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An exterior shot of the Daimler plant in Mississauga, Ontario on Wednesday April 25, 2012. It is reported that the company is to shut the bus plant . (Chris Young/Chris Young for The Globe and Mail)
An exterior shot of the Daimler plant in Mississauga, Ontario on Wednesday April 25, 2012. It is reported that the company is to shut the bus plant . (Chris Young/Chris Young for The Globe and Mail)

Daimler plant closing compounds Canada's manufacturing pain Add to ...

The lingering after-effects of the Great Recession are still shredding Canada’s manufacturing sector, more than two years after North America emerged from the downturn.

The latest victim is a Daimler AG’s Orion bus manufacturing plant in Mississauga, which will close within the next 12 months as the company abandons the North American transit bus business, eliminating the jobs of about 200 active workers and another 200 on layoff.

The Germany-based transportation and automotive giant blamed a continued slump in the North American market, uncompetitive costs and no opportunities for export.

“We are facing a very difficult environment in our business with a significant reduction in sales and anticipated ongoing losses,” Richard Ferguson, chief executive officer of Daimler Buses North America, said in a memo to employees Wednesday.

The pace of plant shutdowns has slowed since the frantic days of 2008-2009, but the Daimler closing underlines how Canada’s manufacturing sector is still under severe pressure as companies grapple with globalization, government fiscal restraint and the high value of the Canadian dollar.

Daimler is reacting to the slump in the market for buses as U.S. state and local governments deal with deficits and a slow recovery in tax revenues slashed by the recession.

When the American Public Transportation Association surveyed municipal transit authorities “over 80 per cent said they had to do something: raise fares, cut service or even lay off workers to address their fiscal crises,” Montill Williams, a spokesman for the association, said Wednesday.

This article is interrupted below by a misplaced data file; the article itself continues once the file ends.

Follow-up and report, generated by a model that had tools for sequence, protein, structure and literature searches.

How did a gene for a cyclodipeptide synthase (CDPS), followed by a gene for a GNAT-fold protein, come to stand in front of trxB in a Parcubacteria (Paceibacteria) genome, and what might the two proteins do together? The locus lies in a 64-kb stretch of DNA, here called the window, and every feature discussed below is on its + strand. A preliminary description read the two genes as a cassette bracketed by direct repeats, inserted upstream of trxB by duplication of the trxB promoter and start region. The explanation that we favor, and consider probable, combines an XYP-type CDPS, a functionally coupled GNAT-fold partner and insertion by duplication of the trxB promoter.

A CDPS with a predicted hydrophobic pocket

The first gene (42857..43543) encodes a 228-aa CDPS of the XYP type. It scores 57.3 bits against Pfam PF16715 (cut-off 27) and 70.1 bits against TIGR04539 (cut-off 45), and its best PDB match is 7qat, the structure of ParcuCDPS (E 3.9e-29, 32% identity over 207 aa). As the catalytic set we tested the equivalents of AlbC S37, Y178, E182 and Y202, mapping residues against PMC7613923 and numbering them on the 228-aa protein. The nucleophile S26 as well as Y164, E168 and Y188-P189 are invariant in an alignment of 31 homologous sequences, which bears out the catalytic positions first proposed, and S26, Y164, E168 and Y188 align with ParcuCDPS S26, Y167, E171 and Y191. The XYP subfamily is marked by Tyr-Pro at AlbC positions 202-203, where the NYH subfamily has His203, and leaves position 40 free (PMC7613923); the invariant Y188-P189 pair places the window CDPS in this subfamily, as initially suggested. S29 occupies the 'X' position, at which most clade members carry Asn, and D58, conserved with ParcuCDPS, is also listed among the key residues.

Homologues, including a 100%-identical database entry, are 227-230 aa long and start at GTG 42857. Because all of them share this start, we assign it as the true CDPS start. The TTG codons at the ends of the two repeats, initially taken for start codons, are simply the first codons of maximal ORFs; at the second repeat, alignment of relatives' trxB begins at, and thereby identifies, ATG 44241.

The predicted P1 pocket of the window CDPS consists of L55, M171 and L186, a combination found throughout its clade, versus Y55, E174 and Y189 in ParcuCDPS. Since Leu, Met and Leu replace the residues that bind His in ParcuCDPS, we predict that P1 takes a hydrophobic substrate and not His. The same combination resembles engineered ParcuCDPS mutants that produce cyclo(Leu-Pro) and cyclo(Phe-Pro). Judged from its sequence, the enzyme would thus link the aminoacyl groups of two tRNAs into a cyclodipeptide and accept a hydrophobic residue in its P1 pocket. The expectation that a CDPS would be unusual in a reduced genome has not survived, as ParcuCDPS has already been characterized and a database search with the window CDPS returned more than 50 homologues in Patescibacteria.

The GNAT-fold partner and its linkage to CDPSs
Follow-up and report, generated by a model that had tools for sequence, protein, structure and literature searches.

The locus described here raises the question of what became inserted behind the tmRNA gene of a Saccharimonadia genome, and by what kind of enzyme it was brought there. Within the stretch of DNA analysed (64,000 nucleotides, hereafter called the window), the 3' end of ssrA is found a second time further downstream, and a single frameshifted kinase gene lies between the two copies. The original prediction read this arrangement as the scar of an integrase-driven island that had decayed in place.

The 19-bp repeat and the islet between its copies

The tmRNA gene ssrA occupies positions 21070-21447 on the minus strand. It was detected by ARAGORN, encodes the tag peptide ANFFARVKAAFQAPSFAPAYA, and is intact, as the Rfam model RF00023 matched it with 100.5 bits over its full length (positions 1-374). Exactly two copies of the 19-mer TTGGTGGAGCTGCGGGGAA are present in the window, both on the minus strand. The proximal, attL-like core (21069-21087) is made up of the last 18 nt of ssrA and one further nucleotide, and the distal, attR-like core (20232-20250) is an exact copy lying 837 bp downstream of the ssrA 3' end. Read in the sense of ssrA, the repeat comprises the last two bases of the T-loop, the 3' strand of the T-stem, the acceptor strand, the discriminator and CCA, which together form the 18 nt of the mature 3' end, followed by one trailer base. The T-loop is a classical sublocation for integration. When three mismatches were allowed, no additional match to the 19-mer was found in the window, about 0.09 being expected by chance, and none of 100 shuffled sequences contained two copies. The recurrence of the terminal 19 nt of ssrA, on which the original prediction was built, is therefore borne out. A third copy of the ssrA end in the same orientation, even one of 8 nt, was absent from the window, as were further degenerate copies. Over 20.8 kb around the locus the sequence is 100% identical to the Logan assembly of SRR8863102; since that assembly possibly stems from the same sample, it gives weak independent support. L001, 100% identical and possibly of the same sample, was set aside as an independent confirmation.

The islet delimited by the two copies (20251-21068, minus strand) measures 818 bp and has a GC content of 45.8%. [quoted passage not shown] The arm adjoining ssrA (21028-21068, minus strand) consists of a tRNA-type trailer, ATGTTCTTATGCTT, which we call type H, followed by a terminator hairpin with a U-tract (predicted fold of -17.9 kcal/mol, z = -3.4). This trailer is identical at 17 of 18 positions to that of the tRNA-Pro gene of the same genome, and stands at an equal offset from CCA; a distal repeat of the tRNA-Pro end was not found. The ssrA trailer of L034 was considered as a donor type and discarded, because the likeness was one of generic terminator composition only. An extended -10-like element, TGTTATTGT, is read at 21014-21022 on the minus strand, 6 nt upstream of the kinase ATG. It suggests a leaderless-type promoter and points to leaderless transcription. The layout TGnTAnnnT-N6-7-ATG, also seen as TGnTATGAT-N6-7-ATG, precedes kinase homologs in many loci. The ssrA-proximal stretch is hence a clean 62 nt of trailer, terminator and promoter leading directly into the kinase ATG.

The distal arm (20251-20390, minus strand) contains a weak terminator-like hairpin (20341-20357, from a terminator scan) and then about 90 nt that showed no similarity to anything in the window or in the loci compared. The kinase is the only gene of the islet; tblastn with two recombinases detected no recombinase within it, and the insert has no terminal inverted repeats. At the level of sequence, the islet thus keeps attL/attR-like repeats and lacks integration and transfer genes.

Heavy-duty bus deliveries in North America fell 13 per cent last year to 5,154, from 5,933 in 2010. Manufacturers delivered 6,032 in 2009.

U.S. transit authorities are also facing uncertainty because of a delay in the passage of a new transportation bill. The U.S. federal government traditionally finances 80 per cent of the capital cost of new buses, but it’s not clear whether that will continue.

“You’ve got political uncertainty,” said industry analyst Chris Murray, who follows Orion competitor New Flyer Industries Inc. of Winnipeg for investment firm PI Financial Corp. of Vancouver. “They need to have some sort of funding clarity because these are long-term funding priorities.”

The Mississauga workers earn on average $22 an hour putting floors, carpets, windows and body panels on frames that are shipped to the plant from nearby MJ Manufacturing, a unit of auto parts maker Martinrea International Inc.

Those semi-finished buses are then delivered to Oriskany, N.Y., where engines, seats and other parts are installed, which allows the company to meet Buy American rules.

Many Canadian municipalities lack similar rules, said Arastou Rafizadeh, who heads local 2011 of the Canadian Auto Workers union, which represents the Mississauga employees.

Mr. Rafizadeh is a resident of Markham, Ont., which is in York Region, north of Toronto. The regional government purchased buses made in Belgium in 2005.

“These are $20- to $30-an-hour jobs,” he said. “These guys all have houses, mortgages, they buy cars. What am I supposed to tell my 11-year-old daughter when she comes home from school and says: ‘Dad, what happened?’ ”

Manufacturers in Canada have provided the majority of vehicles in York Region’s fleet, spokeswoman Kim MacGillivray said Wednesday.

Daimler has eliminated several thousand jobs in Canada since the turn of the century. It has closed truck plants in Kelowna, B.C., and St. Thomas, Ont., and a school bus assembly plant in Woodstock, Ont.

CAW president Ken Lewenza said he was furious that the closing was announced just weeks after the union signed a one-year extension of the existing contract at the plant.

The Orion closing comes on the heels of the announcement by Caterpillar Inc. of the closing of its London, Ont., locomotive plant after a bitter lockout.

Caterpillar said Wednesday that the closing cost $38-million (U.S.) in expenses and asset impairments.

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